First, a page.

“The one story I hear a lot is about the guards in the tower at night. If you wanted to get up and go to the bathroom, you could do that but the spotlight would hit you, and they’d follow you with the spotlight all the way to the bathroom. You’d go in the bathroom, and when you came out the spotlight was there, and they followed you all the way back,” Dunn said.

There was also an assembly center at Pomona’s Fairplex.

In the photo at top, a child arrives at the Santa Anita Assembly Center in Arcadia. More photos below.

An opening reception for the exhibit will be held tomorrow at 11 a.m. Osamu Miyamoto, Akkiko Nomura and other guests will speak on the Santa Anita Assembly Center.

“Only What We Could Carry: The Santa Anita Assembly Center” runs through Jan. 16. 10 a.m.-4 p.m Tuesday-Saturday. Closed on holidays. Open 10 a.m.-1 p.m. Dec. 24 and 31. 380 W. Huntington Drive in Arcadia. Admission is free.

Japanese Americans read a poster ordering them to prepare
to be sent to assembly centers across the United States.
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A train leaves the Santa Anita Assembly Center in Arcadia,
headed for one of the relocation centers in the United States.
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(Photos courtesy the Arcadia Historical Museum)

Fashion weekend: Sinking ships and Betsy Bloomingdale

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The Sidney D. Gamble Lecture Series opens its 2009-2010 season tomorrow with two fashion-oriented engagements.

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    At 10 a.m., Kevin Jones — curator of the museum at downtown’s Fashion Institute of Design & Merchandising — will speak at Art Center College of Design on “adDRESSING Titanic: Appearance and Identity in 1912.”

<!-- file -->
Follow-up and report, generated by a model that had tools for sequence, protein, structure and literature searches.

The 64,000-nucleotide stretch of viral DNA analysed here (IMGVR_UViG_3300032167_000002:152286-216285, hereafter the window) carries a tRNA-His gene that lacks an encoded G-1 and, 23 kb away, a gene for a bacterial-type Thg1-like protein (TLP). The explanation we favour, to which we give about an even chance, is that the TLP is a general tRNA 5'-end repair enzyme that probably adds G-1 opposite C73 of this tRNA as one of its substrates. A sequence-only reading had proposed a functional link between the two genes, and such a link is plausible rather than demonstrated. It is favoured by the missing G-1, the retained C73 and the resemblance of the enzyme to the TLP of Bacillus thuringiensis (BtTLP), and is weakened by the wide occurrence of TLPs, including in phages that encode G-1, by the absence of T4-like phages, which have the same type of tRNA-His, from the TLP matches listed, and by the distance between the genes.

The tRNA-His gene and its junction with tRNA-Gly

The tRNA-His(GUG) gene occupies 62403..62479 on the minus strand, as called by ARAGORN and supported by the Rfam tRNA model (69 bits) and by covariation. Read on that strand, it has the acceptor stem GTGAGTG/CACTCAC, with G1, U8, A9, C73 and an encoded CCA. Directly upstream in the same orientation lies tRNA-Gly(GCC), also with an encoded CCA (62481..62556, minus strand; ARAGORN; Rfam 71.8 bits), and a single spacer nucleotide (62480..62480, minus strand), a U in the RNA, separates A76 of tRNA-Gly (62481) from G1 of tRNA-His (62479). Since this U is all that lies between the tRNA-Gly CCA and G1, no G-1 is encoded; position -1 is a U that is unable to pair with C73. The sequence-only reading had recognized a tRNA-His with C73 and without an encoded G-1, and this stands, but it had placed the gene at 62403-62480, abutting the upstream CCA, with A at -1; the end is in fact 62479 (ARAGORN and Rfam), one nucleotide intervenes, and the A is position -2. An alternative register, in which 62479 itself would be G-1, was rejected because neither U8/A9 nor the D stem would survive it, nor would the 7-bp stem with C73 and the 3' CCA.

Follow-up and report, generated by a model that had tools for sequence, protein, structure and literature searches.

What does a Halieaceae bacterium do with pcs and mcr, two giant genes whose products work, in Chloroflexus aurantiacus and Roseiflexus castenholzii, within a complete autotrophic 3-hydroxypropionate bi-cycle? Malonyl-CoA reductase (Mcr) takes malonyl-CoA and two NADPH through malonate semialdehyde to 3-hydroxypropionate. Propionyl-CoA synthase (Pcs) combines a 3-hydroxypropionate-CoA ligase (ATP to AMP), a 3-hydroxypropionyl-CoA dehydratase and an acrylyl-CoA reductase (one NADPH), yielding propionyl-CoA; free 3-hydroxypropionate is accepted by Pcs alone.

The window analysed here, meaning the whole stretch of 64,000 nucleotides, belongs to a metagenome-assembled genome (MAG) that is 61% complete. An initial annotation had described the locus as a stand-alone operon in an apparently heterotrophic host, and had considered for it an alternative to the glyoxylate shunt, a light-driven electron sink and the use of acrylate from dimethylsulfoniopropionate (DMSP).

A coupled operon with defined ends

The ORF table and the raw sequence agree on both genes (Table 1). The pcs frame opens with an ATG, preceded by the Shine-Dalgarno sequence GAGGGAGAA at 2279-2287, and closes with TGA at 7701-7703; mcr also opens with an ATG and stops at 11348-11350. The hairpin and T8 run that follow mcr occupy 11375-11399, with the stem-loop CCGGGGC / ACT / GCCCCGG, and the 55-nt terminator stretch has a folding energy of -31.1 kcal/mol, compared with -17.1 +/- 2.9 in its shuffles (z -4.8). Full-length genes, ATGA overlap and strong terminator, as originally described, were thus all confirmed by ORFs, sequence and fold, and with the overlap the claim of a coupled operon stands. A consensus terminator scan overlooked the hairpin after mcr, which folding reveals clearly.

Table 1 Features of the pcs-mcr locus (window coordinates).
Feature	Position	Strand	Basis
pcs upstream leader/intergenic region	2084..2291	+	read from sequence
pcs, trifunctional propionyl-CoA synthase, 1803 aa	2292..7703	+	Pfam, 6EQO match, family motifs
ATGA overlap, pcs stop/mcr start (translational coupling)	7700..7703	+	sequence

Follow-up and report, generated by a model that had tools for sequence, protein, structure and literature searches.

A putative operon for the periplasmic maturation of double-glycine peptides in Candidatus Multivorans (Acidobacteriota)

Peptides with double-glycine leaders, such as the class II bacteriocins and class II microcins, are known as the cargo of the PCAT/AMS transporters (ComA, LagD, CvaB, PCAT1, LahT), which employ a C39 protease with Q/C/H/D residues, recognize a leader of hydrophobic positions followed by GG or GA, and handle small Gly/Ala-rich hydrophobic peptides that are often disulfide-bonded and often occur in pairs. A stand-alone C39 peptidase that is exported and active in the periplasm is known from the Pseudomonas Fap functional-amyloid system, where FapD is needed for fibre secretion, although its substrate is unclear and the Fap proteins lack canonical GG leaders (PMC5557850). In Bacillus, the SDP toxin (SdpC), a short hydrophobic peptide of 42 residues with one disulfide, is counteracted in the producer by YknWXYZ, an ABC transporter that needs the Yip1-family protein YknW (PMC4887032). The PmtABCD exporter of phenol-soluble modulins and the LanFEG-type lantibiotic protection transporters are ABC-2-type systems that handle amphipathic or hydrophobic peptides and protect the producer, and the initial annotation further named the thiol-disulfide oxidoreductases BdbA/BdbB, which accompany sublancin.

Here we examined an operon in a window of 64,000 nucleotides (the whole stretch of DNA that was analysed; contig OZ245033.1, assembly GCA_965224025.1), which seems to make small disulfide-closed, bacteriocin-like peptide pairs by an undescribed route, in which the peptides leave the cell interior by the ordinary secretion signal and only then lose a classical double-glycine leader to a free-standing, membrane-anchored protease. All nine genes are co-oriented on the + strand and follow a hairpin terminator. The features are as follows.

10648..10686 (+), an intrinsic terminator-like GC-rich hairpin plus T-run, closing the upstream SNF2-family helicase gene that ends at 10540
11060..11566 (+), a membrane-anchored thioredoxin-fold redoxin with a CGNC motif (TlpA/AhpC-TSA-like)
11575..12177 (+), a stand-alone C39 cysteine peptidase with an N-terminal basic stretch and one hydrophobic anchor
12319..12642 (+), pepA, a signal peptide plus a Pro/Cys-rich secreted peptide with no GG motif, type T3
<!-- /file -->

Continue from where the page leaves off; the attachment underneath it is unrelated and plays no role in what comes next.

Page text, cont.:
The lecture explores the four categories of passengers on the ill-fated ship: first class, second class, steerage and crew. The Titanic is known to have carried some of the day’s illustrious figures of fashion, from those in high society to industry trade to journalists.

Like their wearers, some garments survived the journey, while others were recovered from the site of the wreckage.

  • Jones will also lead a 1 p.m. tour at the FIDM Museum of an exhibit he curated: “High Style: Betsy Bloomingdale and the Haute Couture.”

Fashion icon and socialite Betsy Bloomingdale, widow of Alfred P. Bloomingdale — heir to Bloomingdale’s department stores and founder of Diners Club credit cards — donated 125 haute couture garments to the museum over 30 years.

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Her French couture wardrobe, purchased from 1961 to 1996, includes designs by Marc Bohan and Gianfranco Ferr for Christian Dior, Hubert de Givenchy, Pierre Balmain, Yves Saint Laurent and Andr Courrges, along with ready-to-wear by James Galanos, Adolfo Sardina, Oscar de la Renta and Valentino Garavani.

Sixty ensembles are on display, showcasing Bloomingdale’s favorite designers, her personal style and life. Colored sketches, fabric swatches, contemporary photographs and magazine layouts accompany the garments.

Forget cotton; This is the fabric of a life. (Stunning photo gallery of just a handful of gowns below)

Titanic lecture: 10 a.m., Art Center, Ahmanson Auditorium, 1700 Lida St., Pasadena. Tickets.

Bloomingdale tour: 1 p.m., suggested donation: $35 general admission, FIDM Museum & Galleries, Grand Hope Park, 1st Level, 919 S. Grand Avenue, Los Angeles.

Red evening gown of silk crpe and organza adorned with flowers.
Autumn/Winter 1989-90. Gianfranco Ferr for Dior.
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Silk gazar, dramatic bow-evening gown.
Spring/Summer 1983. Marc Bohan for Dior.
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Gown of polka dot, printed silk charmeuse with black cotton lace and snakeskin trim.
Spring/Summer 1982. Marc Bohan for Dior.
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Black iridescent coq feathers and silk chiffon crepe dress.
1985. Karl Lagerfeld for Chanel.
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(Photos courtesy Brian Sanderson, FIDM Photography; and Friends of The Gamble House)